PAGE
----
By Gareth Walker
Garry Thompson is a player that had been familiar with Bradford City supporters long before he actually played in claret and amber, after impressing whilst turning out for Morecambe against the Bantams back in 2007. Stuart McCall’s public pursuit of the player was quite a headline maker at the time, and it was with some disappointment when he eventually signed for Scunthorpe United that summer.
Fast forward to the summer of 2012 and after being released by The Iron, we were again chasing his signature. This time Phil Parkinson got his man and Thompson finally became a Bantam. Five years late, Thompson was sadly slow in making up for that lost time.
There were understandably high hopes for our new number 11, but early season performances on the right wing were somewhat of a disappointment to many. He looked out of shape and lacking a yard of pace. His failure to get into the game on many occasions was worrying.
Stories began to emerge that Thompson saw himself as a target man-type striker; a role which he had been used in towards the end of his spell at Glanford Park. He was tried in this position on a couple of occasions, but failed to impress. The only thing that he seemed to have going for him was his height, which was proving useful for City to utilise with diagonal balls to his wing as well as being of great assistance to Stephen Darby behind him, whose only weakness has been his susceptibility to the high ball.
Something needed to happen quickly in order to halt Thompson’s slide towards Valley Parade oblivion, as the boo boys started to single him out as their latest target. Step forward Arsene Wenger’s Arsenal side on Tuesday 11 December, on a night the Bantams’ faithful will never forget.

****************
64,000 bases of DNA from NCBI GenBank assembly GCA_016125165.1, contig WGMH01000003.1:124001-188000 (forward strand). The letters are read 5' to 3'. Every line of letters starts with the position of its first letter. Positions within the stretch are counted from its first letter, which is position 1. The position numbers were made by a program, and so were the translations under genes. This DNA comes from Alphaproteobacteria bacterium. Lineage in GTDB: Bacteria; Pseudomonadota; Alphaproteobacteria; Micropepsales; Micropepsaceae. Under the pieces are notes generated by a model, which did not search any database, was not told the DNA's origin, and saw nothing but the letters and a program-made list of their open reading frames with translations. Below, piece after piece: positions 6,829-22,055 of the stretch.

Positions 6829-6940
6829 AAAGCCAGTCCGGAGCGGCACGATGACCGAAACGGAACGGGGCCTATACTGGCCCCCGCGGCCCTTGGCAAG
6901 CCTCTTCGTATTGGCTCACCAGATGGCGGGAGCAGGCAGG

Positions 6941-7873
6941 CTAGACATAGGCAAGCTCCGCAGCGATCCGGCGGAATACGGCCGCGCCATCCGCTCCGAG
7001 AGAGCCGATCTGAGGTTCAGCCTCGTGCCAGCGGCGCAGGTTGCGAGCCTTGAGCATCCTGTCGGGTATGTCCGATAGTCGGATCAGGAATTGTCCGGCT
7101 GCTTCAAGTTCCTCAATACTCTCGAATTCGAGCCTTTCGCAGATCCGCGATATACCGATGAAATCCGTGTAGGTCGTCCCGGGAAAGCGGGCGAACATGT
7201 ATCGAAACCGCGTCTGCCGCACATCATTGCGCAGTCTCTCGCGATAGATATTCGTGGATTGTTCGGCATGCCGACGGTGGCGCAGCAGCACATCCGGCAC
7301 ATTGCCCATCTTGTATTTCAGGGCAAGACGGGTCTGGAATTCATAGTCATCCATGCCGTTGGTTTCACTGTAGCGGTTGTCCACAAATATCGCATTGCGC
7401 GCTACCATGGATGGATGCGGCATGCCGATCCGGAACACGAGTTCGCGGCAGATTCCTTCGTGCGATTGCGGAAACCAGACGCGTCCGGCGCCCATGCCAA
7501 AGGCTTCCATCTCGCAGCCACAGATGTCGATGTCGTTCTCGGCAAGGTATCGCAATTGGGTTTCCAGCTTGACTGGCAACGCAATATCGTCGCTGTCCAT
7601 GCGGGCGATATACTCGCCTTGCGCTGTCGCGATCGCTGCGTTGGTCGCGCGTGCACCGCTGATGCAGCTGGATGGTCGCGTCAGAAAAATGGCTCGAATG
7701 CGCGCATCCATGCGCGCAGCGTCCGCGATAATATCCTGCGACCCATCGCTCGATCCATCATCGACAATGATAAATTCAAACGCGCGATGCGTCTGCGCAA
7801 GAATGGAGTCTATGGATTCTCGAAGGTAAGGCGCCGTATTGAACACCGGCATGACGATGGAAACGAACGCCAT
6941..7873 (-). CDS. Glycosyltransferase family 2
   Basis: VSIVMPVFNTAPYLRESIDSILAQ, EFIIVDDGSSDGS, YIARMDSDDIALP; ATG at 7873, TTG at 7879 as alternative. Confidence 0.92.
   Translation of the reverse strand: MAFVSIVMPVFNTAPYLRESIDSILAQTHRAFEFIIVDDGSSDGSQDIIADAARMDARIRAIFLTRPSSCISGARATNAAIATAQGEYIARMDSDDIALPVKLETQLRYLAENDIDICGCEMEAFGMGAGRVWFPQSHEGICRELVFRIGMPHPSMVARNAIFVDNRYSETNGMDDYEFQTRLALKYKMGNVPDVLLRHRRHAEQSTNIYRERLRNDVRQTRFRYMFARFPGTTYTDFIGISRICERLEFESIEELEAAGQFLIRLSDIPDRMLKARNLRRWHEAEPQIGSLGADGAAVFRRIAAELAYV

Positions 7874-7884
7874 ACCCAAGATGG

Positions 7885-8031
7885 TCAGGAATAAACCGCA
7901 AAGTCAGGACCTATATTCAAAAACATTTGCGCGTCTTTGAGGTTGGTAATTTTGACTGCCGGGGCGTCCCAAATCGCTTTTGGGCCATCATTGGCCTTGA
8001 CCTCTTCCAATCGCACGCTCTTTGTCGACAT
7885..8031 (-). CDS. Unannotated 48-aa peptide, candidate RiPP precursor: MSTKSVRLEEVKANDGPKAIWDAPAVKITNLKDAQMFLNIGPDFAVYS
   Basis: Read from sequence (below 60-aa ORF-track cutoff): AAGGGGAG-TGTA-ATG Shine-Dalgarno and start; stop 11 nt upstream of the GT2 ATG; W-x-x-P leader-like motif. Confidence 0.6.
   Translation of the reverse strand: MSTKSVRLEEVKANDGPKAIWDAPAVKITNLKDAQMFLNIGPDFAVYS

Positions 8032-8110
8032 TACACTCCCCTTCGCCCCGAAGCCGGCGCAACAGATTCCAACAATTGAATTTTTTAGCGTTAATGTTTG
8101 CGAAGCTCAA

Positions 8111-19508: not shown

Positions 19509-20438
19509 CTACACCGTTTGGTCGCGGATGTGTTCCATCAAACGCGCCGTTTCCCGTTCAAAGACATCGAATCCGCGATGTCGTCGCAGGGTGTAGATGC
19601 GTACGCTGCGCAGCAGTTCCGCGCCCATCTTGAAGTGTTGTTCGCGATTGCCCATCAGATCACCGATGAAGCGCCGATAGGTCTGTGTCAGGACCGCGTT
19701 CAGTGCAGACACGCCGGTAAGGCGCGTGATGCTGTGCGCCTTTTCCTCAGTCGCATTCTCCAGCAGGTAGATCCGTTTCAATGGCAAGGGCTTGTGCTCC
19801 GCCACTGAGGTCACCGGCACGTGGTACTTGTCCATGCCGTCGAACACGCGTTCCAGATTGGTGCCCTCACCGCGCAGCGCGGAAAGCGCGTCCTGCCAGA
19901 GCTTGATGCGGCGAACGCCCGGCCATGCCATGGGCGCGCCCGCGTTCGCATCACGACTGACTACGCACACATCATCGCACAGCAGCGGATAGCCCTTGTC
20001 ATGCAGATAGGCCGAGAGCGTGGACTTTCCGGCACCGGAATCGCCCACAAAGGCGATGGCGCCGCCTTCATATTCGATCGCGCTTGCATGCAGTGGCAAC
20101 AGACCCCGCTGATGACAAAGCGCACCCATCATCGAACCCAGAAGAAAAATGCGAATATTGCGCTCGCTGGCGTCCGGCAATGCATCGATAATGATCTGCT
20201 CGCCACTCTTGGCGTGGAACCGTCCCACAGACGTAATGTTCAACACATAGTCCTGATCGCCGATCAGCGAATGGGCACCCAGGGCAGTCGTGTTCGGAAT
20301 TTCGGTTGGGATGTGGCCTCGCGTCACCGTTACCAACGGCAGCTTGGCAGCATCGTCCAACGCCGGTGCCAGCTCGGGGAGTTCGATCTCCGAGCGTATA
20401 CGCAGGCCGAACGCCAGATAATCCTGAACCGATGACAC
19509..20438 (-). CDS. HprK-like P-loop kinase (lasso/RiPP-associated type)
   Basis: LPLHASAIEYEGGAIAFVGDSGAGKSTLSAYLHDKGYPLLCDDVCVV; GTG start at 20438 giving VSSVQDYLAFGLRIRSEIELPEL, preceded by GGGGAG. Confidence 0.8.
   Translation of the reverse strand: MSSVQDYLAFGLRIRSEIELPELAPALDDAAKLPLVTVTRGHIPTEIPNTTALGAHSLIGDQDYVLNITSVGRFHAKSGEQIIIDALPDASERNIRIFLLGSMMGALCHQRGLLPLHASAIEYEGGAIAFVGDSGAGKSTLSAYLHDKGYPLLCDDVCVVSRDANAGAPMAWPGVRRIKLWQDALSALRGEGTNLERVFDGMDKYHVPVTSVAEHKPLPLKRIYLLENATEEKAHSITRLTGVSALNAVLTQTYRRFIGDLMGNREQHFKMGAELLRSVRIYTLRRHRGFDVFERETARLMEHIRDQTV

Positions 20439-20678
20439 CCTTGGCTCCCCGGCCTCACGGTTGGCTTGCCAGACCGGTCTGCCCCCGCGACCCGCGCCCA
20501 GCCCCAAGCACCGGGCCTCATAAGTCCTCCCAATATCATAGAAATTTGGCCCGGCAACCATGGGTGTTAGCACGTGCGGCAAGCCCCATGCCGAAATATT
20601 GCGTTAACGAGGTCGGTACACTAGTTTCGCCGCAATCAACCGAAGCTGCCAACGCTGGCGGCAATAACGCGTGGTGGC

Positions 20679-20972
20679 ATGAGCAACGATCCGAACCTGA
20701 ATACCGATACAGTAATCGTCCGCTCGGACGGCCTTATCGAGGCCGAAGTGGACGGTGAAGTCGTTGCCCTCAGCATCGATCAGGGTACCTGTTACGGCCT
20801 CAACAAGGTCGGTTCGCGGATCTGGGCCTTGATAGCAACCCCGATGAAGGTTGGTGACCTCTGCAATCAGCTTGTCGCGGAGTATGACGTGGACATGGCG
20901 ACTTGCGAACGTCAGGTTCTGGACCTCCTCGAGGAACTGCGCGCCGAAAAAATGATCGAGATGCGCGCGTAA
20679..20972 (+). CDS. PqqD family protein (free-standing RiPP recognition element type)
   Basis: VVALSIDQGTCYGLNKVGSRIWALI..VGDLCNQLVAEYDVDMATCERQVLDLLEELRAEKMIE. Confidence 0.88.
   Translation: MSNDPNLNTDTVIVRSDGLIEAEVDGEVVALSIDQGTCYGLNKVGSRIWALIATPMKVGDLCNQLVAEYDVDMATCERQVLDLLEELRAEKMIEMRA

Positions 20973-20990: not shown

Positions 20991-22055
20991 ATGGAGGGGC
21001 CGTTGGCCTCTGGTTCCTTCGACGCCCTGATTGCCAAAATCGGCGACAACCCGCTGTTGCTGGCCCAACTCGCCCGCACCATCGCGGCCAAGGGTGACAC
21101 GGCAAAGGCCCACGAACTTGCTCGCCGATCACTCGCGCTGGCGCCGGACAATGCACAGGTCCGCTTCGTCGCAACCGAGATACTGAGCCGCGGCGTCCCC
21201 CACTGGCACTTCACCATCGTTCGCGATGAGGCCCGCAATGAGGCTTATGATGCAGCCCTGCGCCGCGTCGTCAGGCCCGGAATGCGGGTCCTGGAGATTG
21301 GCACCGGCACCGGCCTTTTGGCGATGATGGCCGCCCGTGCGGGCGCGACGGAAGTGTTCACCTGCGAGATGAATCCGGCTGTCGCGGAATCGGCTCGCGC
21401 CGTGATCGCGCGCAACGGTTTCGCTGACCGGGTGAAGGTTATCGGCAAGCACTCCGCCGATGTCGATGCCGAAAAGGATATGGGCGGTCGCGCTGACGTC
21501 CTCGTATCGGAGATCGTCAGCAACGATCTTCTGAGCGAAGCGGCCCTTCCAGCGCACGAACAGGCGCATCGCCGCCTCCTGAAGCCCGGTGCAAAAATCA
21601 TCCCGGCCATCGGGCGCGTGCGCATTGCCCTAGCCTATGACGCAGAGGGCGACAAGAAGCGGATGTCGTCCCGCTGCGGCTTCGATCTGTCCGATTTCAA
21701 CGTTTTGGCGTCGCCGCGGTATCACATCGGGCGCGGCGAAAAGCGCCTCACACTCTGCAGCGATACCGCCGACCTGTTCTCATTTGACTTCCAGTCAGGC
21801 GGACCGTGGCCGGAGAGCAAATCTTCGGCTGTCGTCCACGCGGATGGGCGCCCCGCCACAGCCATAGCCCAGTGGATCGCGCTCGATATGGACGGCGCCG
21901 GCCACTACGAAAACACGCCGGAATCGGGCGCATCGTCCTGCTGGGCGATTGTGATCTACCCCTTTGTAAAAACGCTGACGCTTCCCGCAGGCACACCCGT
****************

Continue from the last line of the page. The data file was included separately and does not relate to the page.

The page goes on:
We all know what happened at Valley Parade that evening, and we all rejoice in the monumental turnaround that the club has experienced since. But out of the players on the pitch that night, the one whose fortunes changed the most was Thompson.
The goal that he scored seemed to revitalise his City career and it was a totally different Thompson who we saw for the remainder of that magical season. Suddenly we were seeing the player that we all hoped we would when he signed. Now looking equally at home on the right hand side or upfront, when played there in Nahki Wells’ absence, Thompson became a real terroriser of League Two defences.
Pace, power and work ethic retuned to his game, Thompson became one of the first names on Parkinson’s teamsheet as he provided the perfect compliment to Kyel Reid’s unpredictability on the left. He even got his own song – a true sign of acceptance, if ever there was one. His performances against York City and Bristol Rovers stand out in my mind, as does his cameo after coming off the bench in that unforgettable night at Villa Park in January.